Taking the AirPort Extreme out of the Cupboard Tripled my Bandwidth

In mid-2014, I switched the bandwidth provider here in the Reinventorium from Eastlink to Bell Aliant.

While I’d previously been using an Apple AirPort Extreme wireless router hooked up to the Eastlink modem, I put this away in the cupboard when Bell Aliant installed a wireless-capable router — an Actiontec R1000H — as part of its service. Why complicate the setup, I reasoned, with possibly-dueling routers.

And things worked well, with bandwidth of 50 Mb/s down and 50 Mb/s up  consistently since the original install.

Last week, though, I got a letter in the mail from Bell Aliant (curiously addressed to “Catherine Treasurer”) revealing that my (theoretical) 50/20 plan had been upgraded, at no additional cost, to a 100/50 plan; I saw no evidence of this in practice, however, with a Speed Test showing only 50/50:

Results of Speed Test

I called Bell Aliant and asked them to check their modem, and they couldn’t find anything untoward, and so they scheduled a service call.

In the meantime, though, I wondered if it might be the wireless router, or my mid-2011 MacBook Air, that was the limiting factor, not the bandwidth into the office. So I plugged my MacBook directly into the Ethernet, and, presto, I was seeing much more bandwidth hardwired than I was seeing wirelessly.

I tried fiddling with the settings on the Actiontec R1000H to see if I could take advantage of heretofore-untapped capabilities of the router, but, try as I might, I couldn’t make it work any faster than 50/50.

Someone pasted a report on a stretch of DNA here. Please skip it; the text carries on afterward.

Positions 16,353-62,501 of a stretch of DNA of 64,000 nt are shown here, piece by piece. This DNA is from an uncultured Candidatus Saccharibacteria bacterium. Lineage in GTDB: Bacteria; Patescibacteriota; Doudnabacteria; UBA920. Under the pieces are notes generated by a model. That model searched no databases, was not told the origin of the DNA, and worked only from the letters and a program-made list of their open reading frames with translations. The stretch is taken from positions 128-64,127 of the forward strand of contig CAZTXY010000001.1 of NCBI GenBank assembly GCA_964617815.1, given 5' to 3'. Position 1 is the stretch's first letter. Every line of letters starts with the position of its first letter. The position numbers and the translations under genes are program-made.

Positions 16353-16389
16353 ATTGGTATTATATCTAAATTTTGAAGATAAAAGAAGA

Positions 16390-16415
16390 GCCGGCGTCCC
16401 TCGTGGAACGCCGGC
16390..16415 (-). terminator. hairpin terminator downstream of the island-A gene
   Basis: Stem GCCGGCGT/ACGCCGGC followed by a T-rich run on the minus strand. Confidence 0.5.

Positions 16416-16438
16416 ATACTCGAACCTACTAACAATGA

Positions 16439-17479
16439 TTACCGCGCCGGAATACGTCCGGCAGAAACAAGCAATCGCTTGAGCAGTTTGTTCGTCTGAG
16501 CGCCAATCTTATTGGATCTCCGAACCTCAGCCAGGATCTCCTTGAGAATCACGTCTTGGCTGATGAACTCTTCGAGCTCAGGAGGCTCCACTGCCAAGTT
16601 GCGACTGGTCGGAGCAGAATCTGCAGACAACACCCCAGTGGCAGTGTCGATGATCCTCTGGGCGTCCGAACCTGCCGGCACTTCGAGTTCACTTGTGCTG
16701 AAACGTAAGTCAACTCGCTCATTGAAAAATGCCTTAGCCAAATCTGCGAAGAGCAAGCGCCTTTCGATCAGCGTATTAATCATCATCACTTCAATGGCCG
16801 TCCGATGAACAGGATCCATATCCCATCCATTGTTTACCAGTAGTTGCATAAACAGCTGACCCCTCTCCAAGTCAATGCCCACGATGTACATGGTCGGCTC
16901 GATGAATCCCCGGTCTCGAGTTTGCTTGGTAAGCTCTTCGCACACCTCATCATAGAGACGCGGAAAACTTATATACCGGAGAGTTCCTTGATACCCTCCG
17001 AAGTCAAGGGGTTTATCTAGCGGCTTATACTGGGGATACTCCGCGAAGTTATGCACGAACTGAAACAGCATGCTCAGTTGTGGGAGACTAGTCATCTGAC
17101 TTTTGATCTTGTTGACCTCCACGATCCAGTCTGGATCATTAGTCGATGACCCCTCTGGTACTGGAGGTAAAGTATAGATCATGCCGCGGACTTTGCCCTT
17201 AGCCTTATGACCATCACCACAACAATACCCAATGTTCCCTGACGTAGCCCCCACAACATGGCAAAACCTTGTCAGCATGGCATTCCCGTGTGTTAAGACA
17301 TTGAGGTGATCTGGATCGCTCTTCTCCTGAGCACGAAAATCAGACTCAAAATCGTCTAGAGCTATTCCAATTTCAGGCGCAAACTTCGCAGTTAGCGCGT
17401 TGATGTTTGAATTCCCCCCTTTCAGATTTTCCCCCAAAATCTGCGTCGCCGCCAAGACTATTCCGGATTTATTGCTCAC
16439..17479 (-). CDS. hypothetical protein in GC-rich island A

So, on a lark, I took the old AirPort Extreme router out of the cupboard and set it up, plugging it directly into the Actiontec and creating 2.4 GHz and 5 GHz wireless networks.

On the 2.4 GHz AirPort network I got much the same throughput as with the Actiontec router; on the 5 GHz network, however, there was a dramatic uptick to 150/100, which is more than Bell Aliant tells me I should be getting (I’m not complaining):

Speed Test after the move to the 5 GHz network.

So I’ve canceled the service call for Bell Aliant, and am now happily booting along the information superhighway with three times the horsepower.


IgnodobbYhods's picture
IgnodobbYhods on December 8, 2015 - 12:57

but it seems a lot of it is popping it up all over the internet without my authorization. Do you know any solutions to help prevent content from being ripped off?

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